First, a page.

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YOLO COUNTY NEWS
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U.S. Marshals join hunt for slaying suspect

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From page A1 | November 21, 2013 | 5 Comments

PosterW

Say goodbye

What: Memorial service for Leslie Renne Pinkston

When: 11 a.m. Tuesday, Nov. 26

Where: St. Anthony Catholic Church, 511 Main St., Winters

Memorial fund: Has been established in her name at First Northern Bank in Winters

The search for a suspected killer gained national status Wednesday with the addition of the U.S. Marshals Service to the hunt for William Carl Gardner III, Winters Police Chief Sergio Gutierrez announced.

Gardner, a 30-year-old Sacramento resident, is wanted on a murder warrant stemming from Monday’s brazen daylight shooting of his former girlfriend, Leslie Pinkston, outside her downtown Winters workplace. She was due to testify against Gardner in a stalking and criminal threats trial next month.

“We are working diligently through every hour and opportunity we have to locate him,” Gutierrez said in an interview Wednesday. “We still consider him armed and dangerous, and a threat to the community.”

Other police and sheriff’s departments in the region are assisting with the homicide investigation, and having the Marshals Service on board is expected to give the search for Gardner a nationwide reach — and possible international exposure as well — as public alerts are issued and fliers with his photo and description are posted in high-traffic locations such as airports, Gutierrez said.

A “wanted” poster issued by the federal agency instructs anyone with information about Gardner’s whereabouts to call the Winters Police Department at 530-795-4561 or the Marshals Service headquarters at 877-926-8332.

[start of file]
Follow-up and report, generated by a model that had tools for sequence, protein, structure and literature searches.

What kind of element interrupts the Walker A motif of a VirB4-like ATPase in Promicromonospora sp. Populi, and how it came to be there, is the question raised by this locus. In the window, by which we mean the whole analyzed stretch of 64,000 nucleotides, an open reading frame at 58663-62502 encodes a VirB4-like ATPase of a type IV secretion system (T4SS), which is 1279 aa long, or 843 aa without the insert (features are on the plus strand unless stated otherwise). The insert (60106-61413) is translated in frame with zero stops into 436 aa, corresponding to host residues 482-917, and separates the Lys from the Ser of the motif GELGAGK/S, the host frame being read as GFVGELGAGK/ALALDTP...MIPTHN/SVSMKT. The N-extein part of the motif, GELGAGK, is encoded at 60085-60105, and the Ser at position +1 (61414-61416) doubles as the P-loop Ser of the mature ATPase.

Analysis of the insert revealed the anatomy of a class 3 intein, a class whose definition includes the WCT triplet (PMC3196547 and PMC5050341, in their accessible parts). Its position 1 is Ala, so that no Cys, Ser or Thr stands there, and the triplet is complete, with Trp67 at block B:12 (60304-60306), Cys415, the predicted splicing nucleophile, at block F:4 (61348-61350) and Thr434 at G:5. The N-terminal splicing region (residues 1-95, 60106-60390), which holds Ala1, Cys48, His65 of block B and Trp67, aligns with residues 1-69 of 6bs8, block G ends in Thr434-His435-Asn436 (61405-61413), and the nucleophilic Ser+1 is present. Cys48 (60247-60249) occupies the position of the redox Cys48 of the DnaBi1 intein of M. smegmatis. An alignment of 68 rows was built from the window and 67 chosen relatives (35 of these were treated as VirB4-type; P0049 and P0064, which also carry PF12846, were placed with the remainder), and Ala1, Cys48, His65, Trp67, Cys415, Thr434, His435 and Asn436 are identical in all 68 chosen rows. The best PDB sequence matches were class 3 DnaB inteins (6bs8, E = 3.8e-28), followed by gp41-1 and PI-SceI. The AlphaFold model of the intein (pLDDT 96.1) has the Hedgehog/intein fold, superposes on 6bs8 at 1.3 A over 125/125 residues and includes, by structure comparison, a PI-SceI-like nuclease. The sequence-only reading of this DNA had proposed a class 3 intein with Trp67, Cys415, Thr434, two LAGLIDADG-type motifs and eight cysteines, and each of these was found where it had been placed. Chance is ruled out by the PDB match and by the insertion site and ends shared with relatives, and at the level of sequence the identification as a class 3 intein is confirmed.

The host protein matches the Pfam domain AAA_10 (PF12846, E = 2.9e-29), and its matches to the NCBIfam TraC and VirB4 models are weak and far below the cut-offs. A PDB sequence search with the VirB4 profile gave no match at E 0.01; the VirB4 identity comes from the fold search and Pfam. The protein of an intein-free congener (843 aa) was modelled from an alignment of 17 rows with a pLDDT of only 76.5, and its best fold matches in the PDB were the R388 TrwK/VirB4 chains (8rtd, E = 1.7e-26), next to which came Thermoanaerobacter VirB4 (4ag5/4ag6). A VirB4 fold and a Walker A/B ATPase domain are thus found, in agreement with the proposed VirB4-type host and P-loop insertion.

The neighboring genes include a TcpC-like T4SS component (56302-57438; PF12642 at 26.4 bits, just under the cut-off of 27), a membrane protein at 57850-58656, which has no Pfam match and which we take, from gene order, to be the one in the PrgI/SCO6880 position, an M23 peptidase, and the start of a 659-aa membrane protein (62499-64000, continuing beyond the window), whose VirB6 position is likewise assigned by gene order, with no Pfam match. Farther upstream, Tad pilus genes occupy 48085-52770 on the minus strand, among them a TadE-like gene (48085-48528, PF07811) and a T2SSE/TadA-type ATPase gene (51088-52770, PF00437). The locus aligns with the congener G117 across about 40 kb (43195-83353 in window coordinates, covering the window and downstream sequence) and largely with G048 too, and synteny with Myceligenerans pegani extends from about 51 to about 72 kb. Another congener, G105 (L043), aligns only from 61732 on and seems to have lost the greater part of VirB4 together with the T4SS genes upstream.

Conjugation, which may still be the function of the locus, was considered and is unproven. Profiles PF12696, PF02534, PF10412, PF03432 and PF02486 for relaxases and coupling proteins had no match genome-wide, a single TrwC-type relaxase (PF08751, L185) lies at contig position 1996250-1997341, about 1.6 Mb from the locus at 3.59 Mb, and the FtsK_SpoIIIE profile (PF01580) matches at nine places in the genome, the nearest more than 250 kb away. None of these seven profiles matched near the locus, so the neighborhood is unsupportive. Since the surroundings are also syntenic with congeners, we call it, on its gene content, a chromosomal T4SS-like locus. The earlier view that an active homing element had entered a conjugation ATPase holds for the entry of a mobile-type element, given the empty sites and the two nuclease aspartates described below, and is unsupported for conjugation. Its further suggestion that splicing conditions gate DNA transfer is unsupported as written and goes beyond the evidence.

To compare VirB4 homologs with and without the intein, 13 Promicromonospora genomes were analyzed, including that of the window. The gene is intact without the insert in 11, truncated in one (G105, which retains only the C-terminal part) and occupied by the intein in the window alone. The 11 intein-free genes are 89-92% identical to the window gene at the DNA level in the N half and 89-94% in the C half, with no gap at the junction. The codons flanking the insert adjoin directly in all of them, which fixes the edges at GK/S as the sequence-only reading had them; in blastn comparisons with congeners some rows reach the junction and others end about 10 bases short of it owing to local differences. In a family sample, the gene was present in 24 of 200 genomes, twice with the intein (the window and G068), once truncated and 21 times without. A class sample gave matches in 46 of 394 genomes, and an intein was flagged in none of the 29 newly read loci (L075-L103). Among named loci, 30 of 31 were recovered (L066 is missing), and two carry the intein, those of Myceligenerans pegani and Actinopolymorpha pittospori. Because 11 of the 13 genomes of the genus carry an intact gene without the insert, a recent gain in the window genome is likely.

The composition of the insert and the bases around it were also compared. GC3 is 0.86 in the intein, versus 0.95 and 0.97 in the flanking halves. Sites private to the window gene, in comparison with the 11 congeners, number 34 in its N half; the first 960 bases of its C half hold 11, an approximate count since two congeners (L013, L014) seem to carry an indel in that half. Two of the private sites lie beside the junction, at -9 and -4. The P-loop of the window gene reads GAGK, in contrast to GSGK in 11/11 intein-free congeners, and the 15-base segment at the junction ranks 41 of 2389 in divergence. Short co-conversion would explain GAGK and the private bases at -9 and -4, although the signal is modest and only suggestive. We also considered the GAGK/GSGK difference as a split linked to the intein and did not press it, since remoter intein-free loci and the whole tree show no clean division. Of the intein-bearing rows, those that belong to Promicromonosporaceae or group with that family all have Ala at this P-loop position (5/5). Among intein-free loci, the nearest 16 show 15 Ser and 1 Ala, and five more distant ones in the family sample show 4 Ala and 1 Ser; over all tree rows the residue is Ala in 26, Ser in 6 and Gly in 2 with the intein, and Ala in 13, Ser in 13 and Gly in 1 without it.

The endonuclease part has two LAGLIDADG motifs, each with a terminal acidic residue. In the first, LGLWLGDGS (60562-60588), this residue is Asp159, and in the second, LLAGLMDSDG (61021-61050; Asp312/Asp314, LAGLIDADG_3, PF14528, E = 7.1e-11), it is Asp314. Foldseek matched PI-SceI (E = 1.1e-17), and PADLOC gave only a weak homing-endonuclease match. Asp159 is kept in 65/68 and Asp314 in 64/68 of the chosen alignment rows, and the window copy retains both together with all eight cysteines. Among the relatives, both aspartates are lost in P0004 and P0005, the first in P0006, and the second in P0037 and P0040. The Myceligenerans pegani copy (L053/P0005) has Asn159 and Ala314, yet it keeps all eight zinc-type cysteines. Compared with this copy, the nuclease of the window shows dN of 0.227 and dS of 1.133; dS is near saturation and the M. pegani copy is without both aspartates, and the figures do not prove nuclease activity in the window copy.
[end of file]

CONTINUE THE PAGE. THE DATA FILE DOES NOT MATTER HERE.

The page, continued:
Gardner — who also goes by the alias Malik Mahammad — is described as an African-American male, about 5-foot-10 and 180 pounds, with black hair and brown eyes. Anyone who sees the suspect should report him immediately and avoid confronting him on their own, Gutierrez said.

Pinkston, a 32-year-old Winters High School graduate and mother of a young daughter, died of a gunshot wound to the head she suffered during the 9:30 a.m. shooting, which occurred as she sat in her parked vehicle on Railroad Avenue. The alleged murder weapon has been described only as a handgun.

Witnesses reported seeing the gunman — believed to be Gardner — flee the area in a tan van that had been parked across the street from the shooting scene. It was unclear whether an accomplice was involved, and Gutierrez said he didn’t have any information to offer on that possibility.

The chief also was mum about a house in north Sacramento that police searched Monday night, only to come up empty-handed. A resident there later told a Sacramento news station that Gardner had arrived at the house at about noon Monday and offered to sell or trade his car, but Gutierrez said he couldn’t confirm any reported sightings.

Court records reviewed by The Enterprise this week showed that Gardner — who also had a recent domestic-violence conviction in Sacramento County, in addition to the Yolo County stalking case — was able to repeatedly post bail despite a history of missing court dates and violating the terms of his probation. A yearlong county jail sentence handed down in May resulted in little, if any, actual incarceration, records show.